Hong Kong's next leader to ban mainland babies
Hong Kong's next leader said Tuesday he plans to ban pregnant mainlanders from giving birth in the city and deny their children residency rights, in a bid to ease pressure on local hospitals.world Updated: Apr 17, 2012 10:27 IST
Hong Kong's next leader said Tuesday he plans to ban pregnant mainlanders from giving birth in the city and deny their children residency rights, in a bid to ease pressure on local hospitals.
The southern Chinese city has been struggling to cope with tens of thousands of mainland Chinese women who arrive yearly to give birth, thereby gaining residency rights for their children and dodging China's one-child policy.
Mainlanders accounted for nearly half of Hong Kong's 88,000 births in 2010, prompting a outcry over shortages of places in maternity wards and the soaring cost of childbirth in the former British colony of seven million people.
Incoming chief executive Leung Chun-ying said he would ban pregnant mainlanders whose husbands were not from Hong Kong, dubbed "double negatives", from giving birth in local hospitals next year.
"I hope the 'double negative' pregnant mainland Chinese women understand this message," Leung told public broadcaster RTHK less than a month after he was chosen to succeed outgoing Chief Executive Donald Tsang.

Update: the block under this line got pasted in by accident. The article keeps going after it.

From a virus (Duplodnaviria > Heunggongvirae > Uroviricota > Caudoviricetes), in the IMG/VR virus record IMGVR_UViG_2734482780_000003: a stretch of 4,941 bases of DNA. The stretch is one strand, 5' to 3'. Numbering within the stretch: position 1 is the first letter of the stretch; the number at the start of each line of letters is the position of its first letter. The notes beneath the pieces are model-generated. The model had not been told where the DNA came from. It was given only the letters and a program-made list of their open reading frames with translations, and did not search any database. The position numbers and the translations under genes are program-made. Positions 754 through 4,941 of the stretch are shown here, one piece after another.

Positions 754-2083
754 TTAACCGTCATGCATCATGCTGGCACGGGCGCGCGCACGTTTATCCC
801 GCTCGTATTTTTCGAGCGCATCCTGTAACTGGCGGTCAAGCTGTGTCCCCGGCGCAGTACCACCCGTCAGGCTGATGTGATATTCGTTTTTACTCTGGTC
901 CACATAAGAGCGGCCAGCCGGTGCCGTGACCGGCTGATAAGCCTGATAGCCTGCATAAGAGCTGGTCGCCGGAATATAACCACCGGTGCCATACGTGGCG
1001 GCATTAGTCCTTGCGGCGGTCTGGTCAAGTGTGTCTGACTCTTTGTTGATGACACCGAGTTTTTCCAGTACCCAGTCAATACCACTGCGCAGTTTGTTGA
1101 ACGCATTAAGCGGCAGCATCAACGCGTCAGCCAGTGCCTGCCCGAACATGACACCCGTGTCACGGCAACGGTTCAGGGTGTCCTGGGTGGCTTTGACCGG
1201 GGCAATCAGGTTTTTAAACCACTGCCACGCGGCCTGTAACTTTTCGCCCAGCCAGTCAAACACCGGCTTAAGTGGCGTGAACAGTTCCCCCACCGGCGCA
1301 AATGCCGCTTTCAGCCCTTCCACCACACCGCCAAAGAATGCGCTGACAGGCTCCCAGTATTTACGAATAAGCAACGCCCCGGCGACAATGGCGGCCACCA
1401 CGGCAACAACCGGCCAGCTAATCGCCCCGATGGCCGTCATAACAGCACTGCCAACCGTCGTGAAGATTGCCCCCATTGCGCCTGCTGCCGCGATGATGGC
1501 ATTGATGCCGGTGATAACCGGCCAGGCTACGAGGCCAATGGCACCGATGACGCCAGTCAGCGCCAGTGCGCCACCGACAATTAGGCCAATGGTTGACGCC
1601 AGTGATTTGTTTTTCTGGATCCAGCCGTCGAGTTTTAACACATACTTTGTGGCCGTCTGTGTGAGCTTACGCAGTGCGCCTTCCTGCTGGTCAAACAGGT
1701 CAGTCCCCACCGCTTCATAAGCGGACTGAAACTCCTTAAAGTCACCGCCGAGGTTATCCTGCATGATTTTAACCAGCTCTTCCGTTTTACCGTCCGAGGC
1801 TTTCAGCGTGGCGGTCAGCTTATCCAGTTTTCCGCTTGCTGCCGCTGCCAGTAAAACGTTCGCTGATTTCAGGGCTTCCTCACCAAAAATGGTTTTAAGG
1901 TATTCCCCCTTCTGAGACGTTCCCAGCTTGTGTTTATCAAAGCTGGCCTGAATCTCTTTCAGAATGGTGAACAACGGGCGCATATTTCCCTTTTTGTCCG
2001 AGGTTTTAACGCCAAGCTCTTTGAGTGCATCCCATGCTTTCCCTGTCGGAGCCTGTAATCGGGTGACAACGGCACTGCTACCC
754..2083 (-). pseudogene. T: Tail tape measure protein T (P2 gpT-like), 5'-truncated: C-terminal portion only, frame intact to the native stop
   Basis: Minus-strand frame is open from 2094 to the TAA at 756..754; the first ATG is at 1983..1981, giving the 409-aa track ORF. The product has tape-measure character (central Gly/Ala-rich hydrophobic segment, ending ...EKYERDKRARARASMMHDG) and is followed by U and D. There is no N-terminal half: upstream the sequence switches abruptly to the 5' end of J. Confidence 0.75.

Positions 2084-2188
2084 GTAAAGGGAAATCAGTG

"If they have registered and prepared to give birth here next year, it is very likely that their child will not be entitled to the residency rights."
Leung, a wealthy former property consultant, will assume responsibility for running the semi-autonomous city on July 1.
Responding to public pressure, the government set a quota of 31,000 mainland mothers in private hospitals this year and 3,400 at state hospitals.
It has also clamped down on agents who arrange birthing trips for mainland mothers to Hong Kong.
Hong Kong reverted to Chinese rule in 1997 under a system which guarantees rights and freedoms not enjoyed in the mainland.